My family led an ordinary
German Jewish middle class life in Munich. My father was a lawyer who, with
his cousin, were senior partners in an eminent law firm founded in Munich
in the 1890s by his uncle, a King's Counsel. The law firm was highly respected
and had Jewish as well as many non-Jewish clients. My father's clients included
members of the Royal Wittelsbach Family, who became personal friends. He
was a typical German Jew, aware of being both a German and a Jew. He was
a great optimist and in 1933 could not believe that Hitler was anything
but a short-lived phenomenon, a view held by many German Jews at that time.
Even the events of the 10th March 1933 did not change his mind. On that day my father had made an appointment at the Munich Police HQ to intercede on behalf of a Jewish client, the owner of a large city-centre store. The windows of this well known store had been smashed by Nazi storm-troopers the previous day. The then Chief of Police was a notorious Nazi, who had recruited gangs from amongst the 'strong' men in the S.A.storm-troopers, euphemistically named 'auxiliary police' units ("Hilfspolizei").
When my father was shown into a room at the Police HQ, he was set upon and severely beaten up by a troop of these S.A. Nazi 'policemen'. He had several teeth knocked out and received a perforated ear-drum. He was then force marched through the streets of Munich, barefoot, bleeding and with his trouser legs cut-off at the knees. This procession was flanked by two lines of armed, brown-shirted and jack-booted S.A. Nazi escorts. He was made to carry a board around his neck with the words: 'Ich bin Jude aber ich will mich nie mehr bei der Polizei beschweren' [I am a Jew but I will never again complain to the Police].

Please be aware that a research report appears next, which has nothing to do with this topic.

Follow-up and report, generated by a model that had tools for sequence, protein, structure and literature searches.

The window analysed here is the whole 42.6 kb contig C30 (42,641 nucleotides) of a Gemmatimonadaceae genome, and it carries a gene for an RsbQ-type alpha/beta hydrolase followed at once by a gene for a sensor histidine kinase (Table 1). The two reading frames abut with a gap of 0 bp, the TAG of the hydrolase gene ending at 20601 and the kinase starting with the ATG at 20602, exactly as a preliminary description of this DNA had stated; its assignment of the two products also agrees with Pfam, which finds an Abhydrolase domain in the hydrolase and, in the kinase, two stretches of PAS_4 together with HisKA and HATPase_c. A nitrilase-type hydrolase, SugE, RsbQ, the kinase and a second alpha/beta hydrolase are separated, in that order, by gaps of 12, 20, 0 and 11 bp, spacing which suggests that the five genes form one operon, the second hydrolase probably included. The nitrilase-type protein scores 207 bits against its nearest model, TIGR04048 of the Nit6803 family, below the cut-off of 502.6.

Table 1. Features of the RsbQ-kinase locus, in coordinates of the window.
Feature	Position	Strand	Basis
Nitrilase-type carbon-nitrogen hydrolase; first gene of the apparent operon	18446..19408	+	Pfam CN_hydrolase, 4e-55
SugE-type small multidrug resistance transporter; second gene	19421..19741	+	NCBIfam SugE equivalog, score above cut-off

Two photographs of the incident were taken at two locations near each other by a professional free-lance photo journalist. He was scared at what he had seen and photographed. Local newspapers would not publish these photographs on any account. The photographer therefore decided to get rid of the plates as quickly as possible, since they were obviously of great danger to him personally. He telephoned the Berlin agent of an American press agency, the "International News Photographic Service", to whom he sold and sent the 2 plates. He did not even dare to make prints. The photographic agency shipped the plates to Washington DC and the first time one of the photographs was published was on the front page of the "Washington Times" on 23rd March 1933. The photographs were subsequently published by the media for many years, throughout the world. They still appear from time to time, on TV, in newspapers, magazines, school text books and exhibitions.